The platform aims to help people improve their relationship with alcohol and reduce their consumption of the substance. Coined as “a toolkit for surviving modern society alcohol-free” the online hub has recruited over 70,000 members worldwide.
Currently in the UK alcohol is more accessible and affordable than it has ever been. British adults consume an average of 9.7 litres of alcohol a year – the equivalent of 108 bottles of wine or 427 pints of 4% ABV beer. More worryingly alcohol misuse is the biggest risk factor for death, ill-health and disability among 15-49 year-olds in the UK, and the fifth-biggest risk factor across all ages.
One Year No Beer was launched as a free service in 2015, by Founder Ruari Fairbairns (pictured in featured image above), who decided to take a break from alcohol following enormous social, peer and corporate pressures. After realising the effects were life-changing, he decided to help others improve their relationship with alcohol.
Since UK lockdown measures were implemented in March, the Edinburgh-based startup has witnessed a 30% increase in signups, signaling a clear demand for increased support.
These figures are reinforced by a recent YouGov survey that revealed that nearly three-quarters of UK drinkers were drinking the same (45%) or more (29%) during lockdown, leaving only 25% drinking less. Further to this, 18% believed they would emerge from lockdown drinking more than they did pre-lockdown.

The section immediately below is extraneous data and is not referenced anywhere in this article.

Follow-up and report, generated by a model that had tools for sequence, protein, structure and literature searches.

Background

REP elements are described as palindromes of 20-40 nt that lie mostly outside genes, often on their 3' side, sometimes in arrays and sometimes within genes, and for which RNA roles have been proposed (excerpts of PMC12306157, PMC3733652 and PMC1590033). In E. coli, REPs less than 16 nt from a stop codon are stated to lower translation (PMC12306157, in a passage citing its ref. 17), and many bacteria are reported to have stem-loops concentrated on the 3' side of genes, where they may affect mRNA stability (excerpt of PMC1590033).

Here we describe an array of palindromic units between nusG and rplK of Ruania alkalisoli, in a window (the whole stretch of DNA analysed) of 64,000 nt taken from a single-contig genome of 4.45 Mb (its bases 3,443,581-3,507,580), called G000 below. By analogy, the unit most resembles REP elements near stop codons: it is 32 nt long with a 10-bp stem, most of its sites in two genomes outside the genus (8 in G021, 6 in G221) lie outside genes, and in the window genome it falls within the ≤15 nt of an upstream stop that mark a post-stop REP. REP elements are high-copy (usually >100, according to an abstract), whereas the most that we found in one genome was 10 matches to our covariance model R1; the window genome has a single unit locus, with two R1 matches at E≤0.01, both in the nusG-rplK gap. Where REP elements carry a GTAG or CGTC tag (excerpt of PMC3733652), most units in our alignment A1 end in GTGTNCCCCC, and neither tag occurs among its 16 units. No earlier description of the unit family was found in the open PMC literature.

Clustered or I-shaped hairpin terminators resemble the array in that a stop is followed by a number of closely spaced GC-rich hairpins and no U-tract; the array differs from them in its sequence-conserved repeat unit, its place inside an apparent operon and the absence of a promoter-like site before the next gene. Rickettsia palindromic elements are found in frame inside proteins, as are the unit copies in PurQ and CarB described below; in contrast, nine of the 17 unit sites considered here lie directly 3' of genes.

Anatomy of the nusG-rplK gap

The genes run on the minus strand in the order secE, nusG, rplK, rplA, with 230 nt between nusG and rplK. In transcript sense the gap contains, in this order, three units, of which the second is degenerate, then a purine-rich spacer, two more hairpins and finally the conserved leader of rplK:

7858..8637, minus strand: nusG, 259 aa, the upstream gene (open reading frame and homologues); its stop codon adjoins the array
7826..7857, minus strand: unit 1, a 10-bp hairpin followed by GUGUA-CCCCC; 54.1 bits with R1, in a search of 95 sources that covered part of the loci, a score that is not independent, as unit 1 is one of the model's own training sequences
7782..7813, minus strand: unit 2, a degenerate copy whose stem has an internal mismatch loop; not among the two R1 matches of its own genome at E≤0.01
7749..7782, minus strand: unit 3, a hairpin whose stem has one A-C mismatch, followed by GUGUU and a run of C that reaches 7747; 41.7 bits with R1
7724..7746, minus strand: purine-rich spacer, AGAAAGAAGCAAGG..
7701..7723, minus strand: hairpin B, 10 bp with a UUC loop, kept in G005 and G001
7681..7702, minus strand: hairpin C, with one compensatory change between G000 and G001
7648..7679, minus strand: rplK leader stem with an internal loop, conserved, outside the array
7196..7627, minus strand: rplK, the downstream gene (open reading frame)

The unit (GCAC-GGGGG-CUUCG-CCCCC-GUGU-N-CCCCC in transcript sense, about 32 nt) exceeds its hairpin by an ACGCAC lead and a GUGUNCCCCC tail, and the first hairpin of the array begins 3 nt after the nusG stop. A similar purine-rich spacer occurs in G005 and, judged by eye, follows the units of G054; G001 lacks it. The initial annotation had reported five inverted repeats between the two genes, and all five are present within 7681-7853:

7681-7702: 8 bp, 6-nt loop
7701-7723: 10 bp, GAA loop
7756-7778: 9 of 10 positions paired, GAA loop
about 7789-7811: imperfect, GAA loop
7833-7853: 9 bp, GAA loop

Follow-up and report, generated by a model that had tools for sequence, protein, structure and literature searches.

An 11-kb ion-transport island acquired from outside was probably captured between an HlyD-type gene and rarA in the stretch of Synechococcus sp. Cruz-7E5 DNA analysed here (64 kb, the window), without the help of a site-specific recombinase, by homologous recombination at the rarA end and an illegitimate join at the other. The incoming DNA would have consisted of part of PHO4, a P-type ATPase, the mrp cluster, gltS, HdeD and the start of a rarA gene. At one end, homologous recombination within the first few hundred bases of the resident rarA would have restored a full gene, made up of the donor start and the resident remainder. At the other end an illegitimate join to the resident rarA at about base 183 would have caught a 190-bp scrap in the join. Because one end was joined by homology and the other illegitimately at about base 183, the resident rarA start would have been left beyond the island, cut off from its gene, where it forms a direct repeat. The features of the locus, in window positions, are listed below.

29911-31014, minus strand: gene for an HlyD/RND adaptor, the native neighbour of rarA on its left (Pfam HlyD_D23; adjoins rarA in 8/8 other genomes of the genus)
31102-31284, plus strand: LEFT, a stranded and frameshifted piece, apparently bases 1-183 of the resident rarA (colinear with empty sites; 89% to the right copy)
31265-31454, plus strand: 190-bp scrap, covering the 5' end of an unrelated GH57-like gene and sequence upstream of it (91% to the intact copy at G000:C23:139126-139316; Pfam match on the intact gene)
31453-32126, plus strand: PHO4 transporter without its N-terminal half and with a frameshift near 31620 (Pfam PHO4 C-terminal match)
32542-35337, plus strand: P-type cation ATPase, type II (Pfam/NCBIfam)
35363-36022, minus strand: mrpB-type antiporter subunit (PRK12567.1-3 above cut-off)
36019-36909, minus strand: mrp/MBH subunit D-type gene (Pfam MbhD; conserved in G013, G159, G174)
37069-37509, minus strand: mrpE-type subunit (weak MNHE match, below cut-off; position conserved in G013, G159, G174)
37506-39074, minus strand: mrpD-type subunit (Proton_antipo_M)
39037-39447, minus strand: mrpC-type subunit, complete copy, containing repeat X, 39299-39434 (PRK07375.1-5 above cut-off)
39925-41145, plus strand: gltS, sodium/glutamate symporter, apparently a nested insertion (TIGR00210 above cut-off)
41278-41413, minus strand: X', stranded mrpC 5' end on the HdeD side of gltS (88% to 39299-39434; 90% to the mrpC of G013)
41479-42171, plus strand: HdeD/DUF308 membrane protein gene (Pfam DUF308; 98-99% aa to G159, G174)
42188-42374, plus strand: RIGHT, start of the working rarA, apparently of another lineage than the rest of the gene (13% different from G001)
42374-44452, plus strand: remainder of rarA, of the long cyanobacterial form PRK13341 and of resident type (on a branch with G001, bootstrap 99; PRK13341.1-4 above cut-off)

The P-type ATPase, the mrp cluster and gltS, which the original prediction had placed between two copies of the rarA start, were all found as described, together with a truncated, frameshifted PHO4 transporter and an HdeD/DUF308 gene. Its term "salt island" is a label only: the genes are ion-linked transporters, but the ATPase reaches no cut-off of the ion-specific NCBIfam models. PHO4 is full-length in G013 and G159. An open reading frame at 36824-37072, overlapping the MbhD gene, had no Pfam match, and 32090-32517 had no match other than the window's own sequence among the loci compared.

“With over 70,000 members across 90 countries, One Year No Beer’s huge online community supports positive lifestyle changes” says, founder Ruari Fairbairns.
“The mission is not to eliminate alcohol entirely, but to address negative habits and build new ones through various behavioural science and positive psychology programmes. The company has also recently joined forces with Weight Watchers, to allow users free access to their ‘28 Day Challenge’, promoting both the physical and mental benefits of reducing alcohol consumption.
Our attitude has always been to be completely different and positive in an industry which is traditionally stigmatised, so we have a very unique angle. We are now the leader in preventative behaviour change, and our plan is now to diversify into lots of other behaviour change models, not just alcohol.”
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